Fails and Our Fathers

Bush 41 opens up on Bush 43. (Meanwhile, Clinton 42 says, Are you ready for Clinton 45?)

As a millennial (if I might have the honor of calling myself as such), I have to say the first decade of this century in this country was incredibly stressful and confusing. It was a strange mix of national distress over 9/11, middle school awkwardness, the Iraq War, increasingly invasive security measures from the airport to the internet, the teenage years, and the complex mess that was the financial crisis and resulting economy. As it came to a close, people were calling it the worst decade in a while; five years later, they still are. Imagine growing up in it.

Which is why any new light shed on the decade–and the years before it–is particularly valuable to someone from this generation. The decade in the U.S. was in large part shaped by the administration by one George W. Bush, who, near the end of Barack Obama’s tenure as president, seems mostly forgotten along with his dancing skills amongst his new-found love of painting. And of all people, his father and former president George H.W. Bush in his biography has come out with a criticism or two of his son’s administration. Frankly, it’s a little refreshing. Jeb(!) Bush has defended his brother’s performance–at the very least a terrible political move for a presidential candidate–and I was getting worried that no one close to the man would try to give it an open, objective reading. See below for some snippets the NYT summarized:

“I do worry about some of the rhetoric that was out there — some of it his, maybe, and some of it the people around him,” Mr. Bush told Mr. Meacham. “Hot rhetoric is pretty easy to get headlines, but it doesn’t necessarily solve the diplomatic problem.”

Asked for specifics, Mr. Bush cited his son’s State of the Union address in 2002, when he described an “axis of evil” that included Iraq, Iran and North Korea. “You go back to the ‘axis of evil’ and these things and I think that might be historically proved to be not benefiting anything,” he said. …

“[Dick Cheney] had his own empire there and marched to his own drummer,” Mr. Bush said. “It just showed me that you cannot do it that way. The president should not have that worry.” He said he thought Mr. Cheney had changed since serving in his cabinet. “He just became very hardline and very different from the Dick Cheney I knew and worked with,” Mr. Bush said. He attributed that to the attacks of Sept. 11, 2001. “Just iron-ass. His seeming knuckling under to the real hard-charging guys who want to fight about everything, use force to get our way in the Middle East.”

He was even harsher about Mr. Rumsfeld, who had been a rival of his since the 1970s, when both served in Gerald R. Ford’s administration. “I think he served the president badly,” Mr. Bush said. “I don’t like what he did, and I think it hurt the president having his iron-ass view of everything. I’ve never been that close to him anyway. There’s a lack of humility, a lack of seeing what the other guy thinks. He’s more kick ass and take names, take numbers. I think he paid a price for that.” He added, “Rumsfeld was an arrogant fellow and self-assured, swagger.”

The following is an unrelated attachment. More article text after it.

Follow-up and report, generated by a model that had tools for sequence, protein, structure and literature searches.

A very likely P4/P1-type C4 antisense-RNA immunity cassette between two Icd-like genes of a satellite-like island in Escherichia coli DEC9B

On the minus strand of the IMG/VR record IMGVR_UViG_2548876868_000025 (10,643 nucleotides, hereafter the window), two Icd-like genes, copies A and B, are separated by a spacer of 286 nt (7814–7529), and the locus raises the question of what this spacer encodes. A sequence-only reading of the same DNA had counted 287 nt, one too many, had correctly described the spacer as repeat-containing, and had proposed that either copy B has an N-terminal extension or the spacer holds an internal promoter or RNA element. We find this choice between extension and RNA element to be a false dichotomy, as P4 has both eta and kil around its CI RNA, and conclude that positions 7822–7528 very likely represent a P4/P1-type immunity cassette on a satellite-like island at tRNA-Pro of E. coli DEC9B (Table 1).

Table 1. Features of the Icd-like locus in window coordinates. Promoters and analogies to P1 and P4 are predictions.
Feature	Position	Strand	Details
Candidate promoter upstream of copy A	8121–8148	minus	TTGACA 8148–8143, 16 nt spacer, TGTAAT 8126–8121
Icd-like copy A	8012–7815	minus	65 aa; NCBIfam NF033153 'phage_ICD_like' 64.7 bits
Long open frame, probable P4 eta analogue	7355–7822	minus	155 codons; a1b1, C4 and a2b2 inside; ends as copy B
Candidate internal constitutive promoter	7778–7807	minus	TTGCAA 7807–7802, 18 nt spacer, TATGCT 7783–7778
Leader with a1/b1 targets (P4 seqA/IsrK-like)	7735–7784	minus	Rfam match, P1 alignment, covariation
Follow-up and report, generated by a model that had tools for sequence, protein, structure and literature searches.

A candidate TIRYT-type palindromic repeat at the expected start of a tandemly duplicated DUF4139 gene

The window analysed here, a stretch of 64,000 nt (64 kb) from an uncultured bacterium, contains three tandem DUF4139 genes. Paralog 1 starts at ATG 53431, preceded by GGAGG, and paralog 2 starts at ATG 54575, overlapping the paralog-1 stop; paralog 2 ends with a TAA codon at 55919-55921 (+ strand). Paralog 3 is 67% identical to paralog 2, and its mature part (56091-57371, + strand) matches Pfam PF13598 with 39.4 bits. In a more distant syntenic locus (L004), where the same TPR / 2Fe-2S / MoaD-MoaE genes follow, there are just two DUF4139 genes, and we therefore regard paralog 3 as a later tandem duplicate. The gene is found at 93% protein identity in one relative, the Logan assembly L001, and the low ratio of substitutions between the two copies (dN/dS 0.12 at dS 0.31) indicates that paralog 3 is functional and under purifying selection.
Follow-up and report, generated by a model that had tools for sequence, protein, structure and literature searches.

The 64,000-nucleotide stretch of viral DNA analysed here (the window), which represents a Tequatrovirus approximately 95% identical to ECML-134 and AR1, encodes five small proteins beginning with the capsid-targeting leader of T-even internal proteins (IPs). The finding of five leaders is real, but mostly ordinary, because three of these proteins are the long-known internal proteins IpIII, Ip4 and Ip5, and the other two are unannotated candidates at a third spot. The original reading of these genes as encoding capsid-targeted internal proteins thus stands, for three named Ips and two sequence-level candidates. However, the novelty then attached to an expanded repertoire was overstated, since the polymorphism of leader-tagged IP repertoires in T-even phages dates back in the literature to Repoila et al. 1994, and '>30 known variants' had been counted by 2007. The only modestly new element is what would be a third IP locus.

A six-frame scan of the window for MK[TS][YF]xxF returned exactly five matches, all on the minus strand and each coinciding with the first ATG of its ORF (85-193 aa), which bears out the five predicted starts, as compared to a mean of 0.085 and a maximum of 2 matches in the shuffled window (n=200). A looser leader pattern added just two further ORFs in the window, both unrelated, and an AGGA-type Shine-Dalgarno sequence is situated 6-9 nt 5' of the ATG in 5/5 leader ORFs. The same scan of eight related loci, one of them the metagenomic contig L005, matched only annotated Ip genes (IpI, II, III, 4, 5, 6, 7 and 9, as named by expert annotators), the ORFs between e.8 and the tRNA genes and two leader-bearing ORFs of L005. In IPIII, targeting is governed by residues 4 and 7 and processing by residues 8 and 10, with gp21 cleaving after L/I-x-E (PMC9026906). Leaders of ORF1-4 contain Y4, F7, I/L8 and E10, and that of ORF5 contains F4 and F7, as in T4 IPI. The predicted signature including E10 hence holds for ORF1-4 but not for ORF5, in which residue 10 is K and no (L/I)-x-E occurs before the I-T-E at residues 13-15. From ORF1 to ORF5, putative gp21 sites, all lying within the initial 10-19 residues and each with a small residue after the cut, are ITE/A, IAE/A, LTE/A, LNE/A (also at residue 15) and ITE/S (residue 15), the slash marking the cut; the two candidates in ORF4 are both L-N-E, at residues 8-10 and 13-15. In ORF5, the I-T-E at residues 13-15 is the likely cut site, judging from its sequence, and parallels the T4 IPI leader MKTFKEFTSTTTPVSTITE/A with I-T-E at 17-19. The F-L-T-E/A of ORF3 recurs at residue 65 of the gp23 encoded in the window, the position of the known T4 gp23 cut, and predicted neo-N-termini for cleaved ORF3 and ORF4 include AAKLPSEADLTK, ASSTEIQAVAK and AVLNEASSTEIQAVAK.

Of course, Bush 41 hasn’t gone as far as to say the war to topple Saddam was a mistake. He also said his son ultimately bears the blame for what happened in his administration–“The buck stops [at the president].” It was hard enough for millions of adults to understand what our country was doing during the ’00s; when the millennials paid attention, we were even more confused. Why were we in Iraq? Why do these guys–Rumsfeld, Cheney, etc.–keep their talk so aggressive? Is the problem with the world or with us? And now why is the economy messed up?

I think all these questions and struggles with what we ultimately had to inherit have been cleared up somewhat by growing up and understanding the problems a little better, and also now having some agency–by means of voting, participating in the economy, and speaking up. And maybe the country and world have gotten better, but that’s hard to say. (All the liberals in the crowd cry resoundingly: “YES!”)

I don’t call Bush 41’s review objective, of course. It’s highly personal. In pushing the narrative that “my son was just surrounded by bad people,” he perhaps overemphasizes the role of administration officials and doesn’t cast enough blame on the president himself. It’s an entirely familiar narrative: my dad does the same with me. If he thinks poorly of an idea I have, his first reaction: “Where did you get that idea?” It must have come from somewhere, from someone else. Or he’ll frequently cast me or my brother in an innocent light: “He’s a good boy. They’re taking advantage of him.”

But at a certain point you can’t remove agency from the star of the show. Looking back, I’m willing to give W some credit as an individual, but if you’re managing people, you must take responsibility for what you allow those people to do. When reviewing these events that impacted so many lives and defined a generation, we have to be, to use the Bush patriarch’s word, iron-ass.


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